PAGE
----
i would love to test that esr meter i have a capacitance meter at the moment but sadly only goes to 2000uf. I do a whole lot of work with audio circuits including designing and building my own audio circuits. I learned completely from just jumping in a doing, i didn't go to school for it and didn't have anyone else teach me other than the circuits that others had made that i literally learned from nothing on by experimentation. as i continued learning i would then look for tools that would help me either diagnose or interpret circuits and an esr meter has always been on my list but never knew what a good one or bad one would be and with very limited funds didn't want to buy a tool i knew nothing about when there have been so many other tools that were absolutely needed that took priority. I know this tool could help me by lessening the time taken to diagnose many problems i face day to day in part making my business more efficient and leading to growth. and growth is my main concern as of now. i would like to grow my business to a point that i could have an employee or two and maybe get a day off which i have not had in the last 3 years. getting to test one of these would allow me to see at least an example of a tool i know i could really use on a day to day basis. and i have to say the coolest tool i own is made from a pen and a part of an old extendable antenna and obviously is homemade and its for retwisting the wires around posts in vintage amplifiers. i made this tool mostly because i didn't have the money for commercially made ones and had to finish my work on this customers amp so i just made one. yes i could have soldered the connections but i have found that doing so changes the sound of many amplifiers and i like to stay true to the original assembly Technics as much as possible.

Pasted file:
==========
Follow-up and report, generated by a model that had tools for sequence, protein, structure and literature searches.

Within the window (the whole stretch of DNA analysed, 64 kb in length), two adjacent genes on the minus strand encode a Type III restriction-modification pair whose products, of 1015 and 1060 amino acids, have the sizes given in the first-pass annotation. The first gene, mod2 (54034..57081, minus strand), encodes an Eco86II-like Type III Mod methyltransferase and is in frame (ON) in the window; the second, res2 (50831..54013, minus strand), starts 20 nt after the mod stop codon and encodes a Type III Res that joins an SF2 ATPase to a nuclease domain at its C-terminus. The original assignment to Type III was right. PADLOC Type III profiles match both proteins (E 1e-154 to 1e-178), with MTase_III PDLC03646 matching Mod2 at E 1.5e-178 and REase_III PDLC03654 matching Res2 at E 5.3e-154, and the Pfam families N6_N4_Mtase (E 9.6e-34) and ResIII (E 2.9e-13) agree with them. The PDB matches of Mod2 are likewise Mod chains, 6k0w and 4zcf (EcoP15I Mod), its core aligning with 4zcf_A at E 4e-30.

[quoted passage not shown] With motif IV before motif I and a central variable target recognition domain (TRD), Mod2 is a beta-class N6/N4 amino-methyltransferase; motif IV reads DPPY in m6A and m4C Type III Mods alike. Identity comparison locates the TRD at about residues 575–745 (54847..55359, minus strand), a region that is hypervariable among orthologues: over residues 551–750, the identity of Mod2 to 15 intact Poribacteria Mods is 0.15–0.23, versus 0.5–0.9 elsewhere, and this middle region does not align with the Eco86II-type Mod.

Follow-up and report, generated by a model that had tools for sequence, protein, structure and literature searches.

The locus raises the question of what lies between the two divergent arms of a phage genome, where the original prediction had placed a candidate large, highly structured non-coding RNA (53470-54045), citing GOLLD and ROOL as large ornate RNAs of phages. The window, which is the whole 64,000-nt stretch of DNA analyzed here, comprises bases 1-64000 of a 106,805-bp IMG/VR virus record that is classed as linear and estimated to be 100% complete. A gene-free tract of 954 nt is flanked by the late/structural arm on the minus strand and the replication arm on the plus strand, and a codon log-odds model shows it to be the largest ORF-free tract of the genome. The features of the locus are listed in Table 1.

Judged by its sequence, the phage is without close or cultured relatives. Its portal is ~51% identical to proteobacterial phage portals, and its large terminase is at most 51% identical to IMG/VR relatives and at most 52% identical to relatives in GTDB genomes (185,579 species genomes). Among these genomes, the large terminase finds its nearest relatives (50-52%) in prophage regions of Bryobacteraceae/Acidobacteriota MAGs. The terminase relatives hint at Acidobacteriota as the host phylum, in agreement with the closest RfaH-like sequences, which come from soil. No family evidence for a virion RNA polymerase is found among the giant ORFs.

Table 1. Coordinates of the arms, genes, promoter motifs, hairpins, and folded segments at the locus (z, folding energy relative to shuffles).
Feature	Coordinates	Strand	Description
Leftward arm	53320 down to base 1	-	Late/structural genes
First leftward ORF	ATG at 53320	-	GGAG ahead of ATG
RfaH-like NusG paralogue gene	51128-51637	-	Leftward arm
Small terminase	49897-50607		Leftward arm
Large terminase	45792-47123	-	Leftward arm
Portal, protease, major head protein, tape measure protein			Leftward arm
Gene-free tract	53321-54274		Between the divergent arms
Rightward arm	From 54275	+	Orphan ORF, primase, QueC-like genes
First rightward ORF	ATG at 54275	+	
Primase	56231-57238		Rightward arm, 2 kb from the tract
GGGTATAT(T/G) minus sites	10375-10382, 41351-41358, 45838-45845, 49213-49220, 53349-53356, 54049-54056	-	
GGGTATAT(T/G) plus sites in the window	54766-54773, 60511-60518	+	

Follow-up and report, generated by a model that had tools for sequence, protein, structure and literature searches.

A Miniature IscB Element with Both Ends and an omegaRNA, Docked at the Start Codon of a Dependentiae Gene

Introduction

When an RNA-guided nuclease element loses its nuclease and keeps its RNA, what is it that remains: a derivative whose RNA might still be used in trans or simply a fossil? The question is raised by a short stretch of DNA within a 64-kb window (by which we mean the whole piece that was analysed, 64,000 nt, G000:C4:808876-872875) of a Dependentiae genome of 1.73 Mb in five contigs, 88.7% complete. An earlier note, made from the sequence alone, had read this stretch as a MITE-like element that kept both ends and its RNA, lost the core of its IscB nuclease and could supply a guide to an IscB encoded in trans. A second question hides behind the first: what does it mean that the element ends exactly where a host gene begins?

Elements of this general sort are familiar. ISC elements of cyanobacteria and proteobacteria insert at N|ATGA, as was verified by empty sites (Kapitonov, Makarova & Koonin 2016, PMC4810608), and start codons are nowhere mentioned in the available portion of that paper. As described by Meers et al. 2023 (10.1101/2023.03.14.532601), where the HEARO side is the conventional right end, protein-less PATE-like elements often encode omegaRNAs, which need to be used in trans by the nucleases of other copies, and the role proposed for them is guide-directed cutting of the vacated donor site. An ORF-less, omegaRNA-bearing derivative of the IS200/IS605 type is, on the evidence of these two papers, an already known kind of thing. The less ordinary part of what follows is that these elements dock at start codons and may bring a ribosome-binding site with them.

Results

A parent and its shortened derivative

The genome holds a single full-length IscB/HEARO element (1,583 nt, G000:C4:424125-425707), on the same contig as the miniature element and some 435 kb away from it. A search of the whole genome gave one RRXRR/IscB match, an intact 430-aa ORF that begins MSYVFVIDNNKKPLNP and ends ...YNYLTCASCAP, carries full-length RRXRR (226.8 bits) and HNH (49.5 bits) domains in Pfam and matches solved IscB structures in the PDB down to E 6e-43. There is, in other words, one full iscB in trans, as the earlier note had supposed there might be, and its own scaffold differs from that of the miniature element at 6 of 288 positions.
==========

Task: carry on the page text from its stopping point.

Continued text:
1 of 1 people found this helpful
Are they nut drivers? I have a similar, but alas smaller, set that doesn't have the socket type bits...
A bit nerdy but after seeing this last week I actually checked to see if my set had them over the weekend!
Cool idea for working in tight space. I am going to adapt this to my workbench as well.
I kind of figured that anyone who considers him or herself a maker has a toolbox or a bench of tools they treasure. When I did technical work, I had my big tool box and a briefcase of my go-to tools, including a multimeter, driver set, sockets, extender magnet, etc. These were my cool tools. What are yours?
We are launching a cool tools campaign at element14 where we roadtest and giveaway some tools we think are pretty cool.
Cool Tools Giveaway for a Blog Review
Would you like to get any of these tools, play around with them, and write a blog review? I'm looking for a few members who are really into tools to do the reviews. Below are the tools I have to offer. If you are interested, drop me a line in the comments below. Tell me about your cool tools and persuade me to send you off any of these tools. And all you need to do for it is write a blog review on element14.